Prior to her role as Services Lead for Grayce, Andrea Pezel, LCSW, built her career in family care, including over a dozen years as a medical social worker. She’s a seasoned expert in caregiving support, serving families in crisis situations and helping with short-term and long-term care planning, and is passionate about helping people navigate complex situations by creating practical solutions.
Question: My father is what many would refer to as a “doomer,” convinced a catastrophic event is coming. He insists on hoarding products and making erratic purchases online. How can I redirect this behavior and help him find comfort?
Response: Supporting a loved one with hoarding tendencies and erratic decision-making can be very stressful, so I commend you for seeking solutions. The current world climate is filled with increased isolation and decreased social support. More families are witnessing their loved ones become stressed, hopeless and sometimes erratic. It’s imperative to mention that if this behavior becomes a safety risk, seek immediate assistance.
Otherwise, start with a medical evaluation from a doctor. Identifying underlying medical conditions or adverse medication reactions is essential. Once your father has medical clearance, take notes on his behavior. Use a calendar or journal to note any exceptionally difficult days or anything triggering him.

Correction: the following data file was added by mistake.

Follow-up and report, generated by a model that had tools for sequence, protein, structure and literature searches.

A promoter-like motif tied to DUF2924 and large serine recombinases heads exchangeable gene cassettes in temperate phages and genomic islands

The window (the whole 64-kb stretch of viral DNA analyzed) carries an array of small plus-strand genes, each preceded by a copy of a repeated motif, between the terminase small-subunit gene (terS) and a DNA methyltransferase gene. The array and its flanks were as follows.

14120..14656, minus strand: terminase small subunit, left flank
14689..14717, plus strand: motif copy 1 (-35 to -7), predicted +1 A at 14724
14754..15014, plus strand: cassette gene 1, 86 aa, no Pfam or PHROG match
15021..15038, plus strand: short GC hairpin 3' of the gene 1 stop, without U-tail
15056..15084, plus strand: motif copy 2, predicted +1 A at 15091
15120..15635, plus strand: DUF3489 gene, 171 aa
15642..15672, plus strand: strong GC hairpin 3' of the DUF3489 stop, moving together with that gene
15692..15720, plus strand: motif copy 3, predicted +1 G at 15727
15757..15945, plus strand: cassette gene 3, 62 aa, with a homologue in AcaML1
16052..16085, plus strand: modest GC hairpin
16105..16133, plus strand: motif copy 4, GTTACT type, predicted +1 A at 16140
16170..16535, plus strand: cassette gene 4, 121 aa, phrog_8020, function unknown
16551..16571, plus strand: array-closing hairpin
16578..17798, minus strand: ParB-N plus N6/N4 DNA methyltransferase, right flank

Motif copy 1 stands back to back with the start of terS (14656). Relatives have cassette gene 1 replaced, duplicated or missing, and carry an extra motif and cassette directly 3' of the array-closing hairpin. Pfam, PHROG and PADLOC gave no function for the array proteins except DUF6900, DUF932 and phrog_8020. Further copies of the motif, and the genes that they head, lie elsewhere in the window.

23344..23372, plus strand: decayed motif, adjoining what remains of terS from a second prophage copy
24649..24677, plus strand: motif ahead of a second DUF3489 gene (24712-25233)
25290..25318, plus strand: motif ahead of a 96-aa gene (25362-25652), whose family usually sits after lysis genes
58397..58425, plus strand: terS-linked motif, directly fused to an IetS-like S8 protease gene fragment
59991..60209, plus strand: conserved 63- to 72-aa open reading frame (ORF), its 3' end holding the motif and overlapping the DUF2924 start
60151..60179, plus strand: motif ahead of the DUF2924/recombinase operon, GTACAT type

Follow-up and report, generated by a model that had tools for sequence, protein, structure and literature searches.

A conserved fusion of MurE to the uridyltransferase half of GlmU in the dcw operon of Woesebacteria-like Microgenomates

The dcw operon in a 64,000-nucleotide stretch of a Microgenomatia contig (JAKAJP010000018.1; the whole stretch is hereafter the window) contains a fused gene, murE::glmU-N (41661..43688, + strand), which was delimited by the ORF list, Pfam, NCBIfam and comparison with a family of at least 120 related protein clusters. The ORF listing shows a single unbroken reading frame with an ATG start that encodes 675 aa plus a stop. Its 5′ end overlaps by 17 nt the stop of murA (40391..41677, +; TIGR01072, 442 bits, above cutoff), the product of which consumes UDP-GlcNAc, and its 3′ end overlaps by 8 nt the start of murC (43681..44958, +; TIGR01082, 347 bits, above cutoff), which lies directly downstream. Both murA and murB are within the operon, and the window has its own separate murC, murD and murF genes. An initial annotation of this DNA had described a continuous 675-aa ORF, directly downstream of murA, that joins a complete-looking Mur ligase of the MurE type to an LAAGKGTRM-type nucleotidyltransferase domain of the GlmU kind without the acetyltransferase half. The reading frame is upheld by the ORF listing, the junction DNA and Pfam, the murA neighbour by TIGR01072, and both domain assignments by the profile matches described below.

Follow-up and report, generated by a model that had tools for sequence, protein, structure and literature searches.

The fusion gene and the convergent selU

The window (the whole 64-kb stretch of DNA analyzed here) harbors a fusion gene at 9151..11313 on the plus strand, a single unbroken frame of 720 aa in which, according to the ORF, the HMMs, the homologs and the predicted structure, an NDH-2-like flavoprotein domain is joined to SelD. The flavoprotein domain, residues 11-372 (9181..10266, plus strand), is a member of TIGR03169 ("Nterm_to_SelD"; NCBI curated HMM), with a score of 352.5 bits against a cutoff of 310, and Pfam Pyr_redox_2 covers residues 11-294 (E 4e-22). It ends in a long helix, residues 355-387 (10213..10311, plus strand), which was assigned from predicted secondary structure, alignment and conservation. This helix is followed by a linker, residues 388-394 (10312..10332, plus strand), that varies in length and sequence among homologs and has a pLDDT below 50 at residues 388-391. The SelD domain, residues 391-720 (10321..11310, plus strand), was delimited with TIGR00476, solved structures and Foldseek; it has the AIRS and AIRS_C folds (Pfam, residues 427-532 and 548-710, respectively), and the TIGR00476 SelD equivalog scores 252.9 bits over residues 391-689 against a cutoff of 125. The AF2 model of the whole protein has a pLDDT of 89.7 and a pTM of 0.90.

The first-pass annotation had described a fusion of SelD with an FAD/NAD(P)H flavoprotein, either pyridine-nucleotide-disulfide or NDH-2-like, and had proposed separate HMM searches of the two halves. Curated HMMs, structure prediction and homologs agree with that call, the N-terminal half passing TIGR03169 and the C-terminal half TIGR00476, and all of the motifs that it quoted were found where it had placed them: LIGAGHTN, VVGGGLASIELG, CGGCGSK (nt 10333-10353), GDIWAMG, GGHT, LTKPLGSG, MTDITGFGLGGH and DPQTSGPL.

After a minimum of two weeks of observation, review your notes and look for trends. What stands out in your father’s behavior? Are there specific days of the week or times of the day that are more problematic? Use this information as a tool to gain insight into your father’s behavior.
Next, consider a “harm reduction” model. Try not to focus on “curing” your father but more on supporting him in a way that reduces his mental anguish and distress. This is most effectively done through support and encouragement. Start by asking open-ended questions to further understand your father’s behavior and provide positive encouragement when you see even small improvements.
For many aging parents, hoarding can be triggered by life changes and uncertainty. Establish a sense of teamwork by discussing neutral topics that you both are in agreement with. Find commonalities, and build from there.
It’s important to mention your concerns, but avoid focusing on just the “stuff” and the “bad decisions.” This will only increase tension and strain your relationship. Strive to be honest and clear about your boundaries and intentions. It’s likely this will not be a straightforward path, but will include many plan deviations and frustrations.
Lastly, seek support. Prioritize your own well-being. Having an outlet for yourself will allow you to best care for yourself and your father long-term.